Every year at this time we embark on a critically important campaign for our local Church: the Catholic Charities Appeal. Here’s why it’s so vital — especially now.
When we think of the Church, we usually think first of our own parish. That makes sense, because that’s where we live out most of our lives as Catholics. At our parishes we encounter Jesus Christ in the Eucharist and the Word of God. It’s where couples are married, babies are baptized, sins are confessed and families come together for the funerals of loved ones.
But a Catholic understanding of the Church is much broader than our parishes. In fact, each of our parishes is a local expression of the larger, archdiocesan Church. And each part of that larger Church, whether it be in the northern corner of Bucks County or the heart of Philadelphia, is an essential part of the body of Christ.
The Catholic Charities Appeal is a key way of contributing to that community of faith which is the Church in southeastern Pennsylvania. We believe that the Church is the ongoing presence of Christ in the world. We’re called as his Church to do as Jesus did, and that can be summarized in three simple duties.
The first thing the Church is called to do is to evangelize; in other words, to proclaim Jesus Christ as Lord and Savior, even when the Gospel message is unwelcome in the world around us.
The second mission of the Church is to build up the community of faith internally through education and fellowship.
The third thing the Church is called to do — and which our archdiocese always seeks to do — is to care for those who are in need, especially in rough economic times like today. Jesus didn’t require people to believe in him before he loved them, healed them or entered their lives. As a Church, we have the duty to be the presence of Jesus Christ in the lives of others, even those who are not believers.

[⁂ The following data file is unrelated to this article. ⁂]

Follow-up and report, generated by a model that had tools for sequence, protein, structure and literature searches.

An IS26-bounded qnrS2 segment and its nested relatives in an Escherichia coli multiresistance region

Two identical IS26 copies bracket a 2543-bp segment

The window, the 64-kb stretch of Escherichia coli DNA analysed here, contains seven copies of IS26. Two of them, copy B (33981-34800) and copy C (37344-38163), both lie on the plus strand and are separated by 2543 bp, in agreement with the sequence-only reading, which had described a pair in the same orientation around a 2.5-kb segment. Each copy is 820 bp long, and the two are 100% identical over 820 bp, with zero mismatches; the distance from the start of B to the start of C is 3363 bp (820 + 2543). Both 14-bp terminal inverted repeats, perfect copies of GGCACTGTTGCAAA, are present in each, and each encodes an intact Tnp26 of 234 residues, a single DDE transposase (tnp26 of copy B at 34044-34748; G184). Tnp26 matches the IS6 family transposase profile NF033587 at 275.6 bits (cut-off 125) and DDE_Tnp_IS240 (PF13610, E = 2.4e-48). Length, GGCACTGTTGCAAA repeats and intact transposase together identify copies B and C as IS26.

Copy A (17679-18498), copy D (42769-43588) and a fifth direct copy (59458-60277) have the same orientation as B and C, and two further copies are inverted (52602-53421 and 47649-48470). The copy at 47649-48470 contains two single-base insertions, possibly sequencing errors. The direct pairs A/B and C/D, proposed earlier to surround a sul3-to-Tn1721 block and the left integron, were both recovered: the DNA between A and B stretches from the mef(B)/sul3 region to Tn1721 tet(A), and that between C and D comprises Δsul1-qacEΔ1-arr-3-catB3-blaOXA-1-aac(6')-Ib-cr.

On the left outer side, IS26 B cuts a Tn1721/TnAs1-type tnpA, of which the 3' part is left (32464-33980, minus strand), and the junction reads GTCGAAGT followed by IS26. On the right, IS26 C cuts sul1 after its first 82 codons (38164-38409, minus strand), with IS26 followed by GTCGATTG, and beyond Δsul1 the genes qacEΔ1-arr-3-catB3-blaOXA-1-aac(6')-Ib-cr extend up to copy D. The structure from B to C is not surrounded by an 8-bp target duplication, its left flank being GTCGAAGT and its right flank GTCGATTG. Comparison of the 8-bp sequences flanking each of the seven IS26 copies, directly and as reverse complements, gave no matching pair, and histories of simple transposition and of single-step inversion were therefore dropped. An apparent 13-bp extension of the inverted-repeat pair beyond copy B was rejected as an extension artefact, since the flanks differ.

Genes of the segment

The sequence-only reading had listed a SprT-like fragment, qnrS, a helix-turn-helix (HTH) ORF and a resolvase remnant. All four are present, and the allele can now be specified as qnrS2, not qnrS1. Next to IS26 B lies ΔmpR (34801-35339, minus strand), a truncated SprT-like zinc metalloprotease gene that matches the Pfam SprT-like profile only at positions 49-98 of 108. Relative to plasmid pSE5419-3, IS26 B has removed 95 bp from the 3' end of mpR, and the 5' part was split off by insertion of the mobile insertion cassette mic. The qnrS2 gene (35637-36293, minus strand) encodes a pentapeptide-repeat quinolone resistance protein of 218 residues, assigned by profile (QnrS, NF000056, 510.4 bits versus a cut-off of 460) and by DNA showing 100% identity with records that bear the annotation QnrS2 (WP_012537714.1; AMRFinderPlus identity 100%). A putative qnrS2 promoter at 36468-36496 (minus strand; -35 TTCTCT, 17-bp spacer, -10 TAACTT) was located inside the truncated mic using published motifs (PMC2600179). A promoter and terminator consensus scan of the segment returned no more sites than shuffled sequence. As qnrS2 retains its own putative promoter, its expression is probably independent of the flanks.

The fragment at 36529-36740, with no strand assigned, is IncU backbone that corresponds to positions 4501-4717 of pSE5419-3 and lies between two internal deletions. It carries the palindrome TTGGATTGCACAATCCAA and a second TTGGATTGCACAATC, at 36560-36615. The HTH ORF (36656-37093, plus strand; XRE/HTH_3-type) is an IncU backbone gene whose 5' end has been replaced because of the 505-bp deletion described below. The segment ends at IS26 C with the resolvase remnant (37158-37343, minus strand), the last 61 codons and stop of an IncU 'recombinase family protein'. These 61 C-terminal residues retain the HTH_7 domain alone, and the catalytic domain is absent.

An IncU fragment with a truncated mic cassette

This is why I’m glad, and proud, to ask our Catholic community for financial help through the Catholic Charities Appeal. Money is a vital means of assisting others. In fact, the Acts of the Apostles describe Peter and Paul as often taking up collections for the poor and for the Mother Church in Jerusalem.
Giving of our resources is an important sign of faith. All of us as believers, bishops and other clergy included, should tithe all that we have back to God — ideally, 10 percent of our incomes; but if that’s not possible, at least some regular, sacrificial percentage of our personal resources.
The more generous we are with God, the more God gives back to us. Our annual Catholic Charities Appeal campaign is — quite literally — the lifeblood of more than 80 archdiocesan ministries. The Appeal supports, in various ways, everything from our schools for special education, to Catholic Human Services, to youth and young adult ministry, to our pro-life efforts, to aid for our elderly and infirm priests. In other words, the Appeal is absolutely vital to the ongoing work of the Church in southeastern Pennsylvania.
I’m grateful for the gift of being called to Philadelphia to serve as your bishop. Because of that call, one of my duties is to invite each of you to respond to the work of the Holy Spirit in your own lives. We should thank God every day for our time in this world, our families and our sustenance; and when we do, we should also remember the vocation God gave to each of us at our baptism: a vocation to help him remake and renew the world in Christ’s name.
The work of the Gospel won’t happen in a vacuum, and it can’t happen without the resources to pursue it. So please be as generous as possible this year when you’re asked to contribute to the Catholic Charities Appeal. Many, many deserving ministries depend on the success of the Appeal — which means, ultimately, that they depend on you and me. God bless you for your kindness.